7. In this paragraph, as in many other places, Aristotle uses mimeisthai — the verb cognate to mimēsis. If the verb is translated 'to imitate', the meaning is deflected towards an assumed commonplace definition for 'imitation'. In order to keep clear that mimesis is an activity or process and not a thing or product, I use the phrase "they do their mimesis"; "they make their mimesis" would also be possible except that it would allow mimesis to be thought of as a product, 'an imitation'.
  8. This sentence does what is the despair of the translator, and does it with Greek clarity and forthrightness and in a manner usual with Aristotle. Literally "they differ in as much as they do their mimesis in different things, of different things, and differently and not in the same way." The traditional abstract terms for these three differentiae are 'medium', 'object', and 'mode'. I prefer 'matter', 'subject', and 'method'. (The three differentiae represent the material, efficient, and formal causes.)
    Matter (in-what). Even if the word 'medium' were not now corrupted below fastidious use, it would not be quite correct here. In current vulgar usage, 'medium' refers to various means of public presentation — printed matter, public speech, stage, film, radio, television: in short, "medium [of communication]" — whatever the question-begging term 'communication' means. Aristotle's three "in-what" differentiae are rhythm, melody and speech. In our way of thinking, these three are not at the same level: rhythm is radical to both melody and speech. Although Aristotle seems to think of each dominantly emerging in dance, music and (dramatic) poetry, he does not encourage us to suppose that he thinks of any one of them functioning in isolation from at least one other. Aristotle's 'in-what' is the physical stuff in which the action is embodied and assumes form — e.g. for music, patterned sound, and for painting, patterned colour-and-line-in-space. We know too little about Aristotle's view about the work of art as 'mediating' between (say) poet and reader to use the word 'medium' confidently. What we do know is that Aristotle has a very strong sense of physical actuality. Since he seems to have been the first to attempt a classification of the arts according to the physical materials they use, the choice of a correct term for "in-what" is important.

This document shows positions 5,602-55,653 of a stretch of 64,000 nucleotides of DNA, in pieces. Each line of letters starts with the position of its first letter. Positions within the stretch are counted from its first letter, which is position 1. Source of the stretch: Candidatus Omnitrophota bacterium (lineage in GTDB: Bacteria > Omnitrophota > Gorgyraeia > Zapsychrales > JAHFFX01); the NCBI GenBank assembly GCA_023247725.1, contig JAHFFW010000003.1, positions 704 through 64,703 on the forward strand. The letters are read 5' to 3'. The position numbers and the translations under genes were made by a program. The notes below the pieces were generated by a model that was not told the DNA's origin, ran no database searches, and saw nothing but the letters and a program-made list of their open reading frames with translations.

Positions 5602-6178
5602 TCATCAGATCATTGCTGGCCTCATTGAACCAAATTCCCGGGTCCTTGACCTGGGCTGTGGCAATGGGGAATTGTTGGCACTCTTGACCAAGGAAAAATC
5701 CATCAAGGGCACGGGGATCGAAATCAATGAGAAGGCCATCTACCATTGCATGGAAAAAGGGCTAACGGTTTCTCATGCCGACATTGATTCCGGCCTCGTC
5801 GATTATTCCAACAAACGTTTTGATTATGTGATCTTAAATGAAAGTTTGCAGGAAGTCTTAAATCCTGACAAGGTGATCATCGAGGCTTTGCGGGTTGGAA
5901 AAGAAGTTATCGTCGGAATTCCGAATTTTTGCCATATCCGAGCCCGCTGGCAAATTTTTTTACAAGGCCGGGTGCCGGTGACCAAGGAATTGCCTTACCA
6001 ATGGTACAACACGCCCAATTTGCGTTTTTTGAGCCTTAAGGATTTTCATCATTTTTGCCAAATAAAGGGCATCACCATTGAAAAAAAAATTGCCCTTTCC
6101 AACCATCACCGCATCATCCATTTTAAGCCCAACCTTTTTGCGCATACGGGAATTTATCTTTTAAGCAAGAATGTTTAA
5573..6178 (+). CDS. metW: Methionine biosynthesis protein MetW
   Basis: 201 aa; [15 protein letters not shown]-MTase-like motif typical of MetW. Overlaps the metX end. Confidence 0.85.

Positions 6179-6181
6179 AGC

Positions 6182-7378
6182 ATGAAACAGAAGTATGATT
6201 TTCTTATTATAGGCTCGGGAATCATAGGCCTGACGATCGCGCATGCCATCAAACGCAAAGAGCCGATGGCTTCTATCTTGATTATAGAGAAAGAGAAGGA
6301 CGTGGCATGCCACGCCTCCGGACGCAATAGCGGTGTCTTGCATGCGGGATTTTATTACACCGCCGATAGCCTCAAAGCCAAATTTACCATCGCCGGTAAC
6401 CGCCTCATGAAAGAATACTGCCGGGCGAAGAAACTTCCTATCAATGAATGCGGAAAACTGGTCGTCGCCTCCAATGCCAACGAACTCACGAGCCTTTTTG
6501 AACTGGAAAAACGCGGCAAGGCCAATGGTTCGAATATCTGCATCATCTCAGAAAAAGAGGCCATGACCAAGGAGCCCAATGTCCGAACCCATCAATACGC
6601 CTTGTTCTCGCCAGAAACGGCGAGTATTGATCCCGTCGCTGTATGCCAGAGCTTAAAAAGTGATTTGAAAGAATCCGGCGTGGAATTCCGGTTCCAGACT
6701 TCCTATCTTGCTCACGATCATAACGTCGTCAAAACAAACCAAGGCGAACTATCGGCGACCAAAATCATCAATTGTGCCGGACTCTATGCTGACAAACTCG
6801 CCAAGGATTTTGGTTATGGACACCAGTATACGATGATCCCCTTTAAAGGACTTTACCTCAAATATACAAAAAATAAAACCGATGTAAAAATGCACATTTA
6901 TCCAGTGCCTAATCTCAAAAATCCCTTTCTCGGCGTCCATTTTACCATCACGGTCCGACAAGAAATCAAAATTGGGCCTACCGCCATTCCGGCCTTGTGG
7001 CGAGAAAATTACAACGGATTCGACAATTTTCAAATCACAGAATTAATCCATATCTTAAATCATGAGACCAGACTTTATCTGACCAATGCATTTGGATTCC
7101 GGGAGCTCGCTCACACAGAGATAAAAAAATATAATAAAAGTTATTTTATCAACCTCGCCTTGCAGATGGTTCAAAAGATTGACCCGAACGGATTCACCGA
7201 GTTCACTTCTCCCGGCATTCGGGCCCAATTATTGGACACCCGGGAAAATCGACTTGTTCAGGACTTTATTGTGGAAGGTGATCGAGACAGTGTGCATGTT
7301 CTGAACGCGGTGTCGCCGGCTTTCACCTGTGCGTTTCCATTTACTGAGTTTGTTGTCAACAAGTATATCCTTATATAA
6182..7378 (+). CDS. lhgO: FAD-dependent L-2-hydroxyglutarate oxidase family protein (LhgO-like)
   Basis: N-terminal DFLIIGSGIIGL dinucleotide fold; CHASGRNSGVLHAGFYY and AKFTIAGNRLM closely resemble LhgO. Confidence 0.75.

Subject (of-what). 'Object' is unsatisfactory because (a) it tends to imply that the model imposes a predictable or desirable form upon the work of art, as is sometimes naively assumed to be the case for painting; (b) it may be mistaken for 'aim' and become so confused with Aristotle's ideological principle that the starting-point comes to look like the 'end'. 'Subject' presents no difficulty or deflection: we commonly speak of the 'subject' of a book, play, picture, or poem meaning in the most general way 'what it is about' and implicitly what it starts from.
    Method (how). The usual word 'mode' (as in 'narrative mode', 'dramatic mode') is not altogether satisfactory; even though it means 'manner' or 'way', it easily indicates a static classification into which individual works may fall. 'Method' places the initiative in the maker and helps us to concentrate on the work as in process of making or acting--which is consonant with Aristotle's emphasis throughout the Poetics. The word 'method' is familiar enough in twentieth-century critical analysis of prose fiction, drama, and poetry.
  9. Schēma can also mean the posture of an actor or dancer, and the structural 'diagram' of a play — 'plot' in the refined sense Aristotle uses consistently later in the Poetics.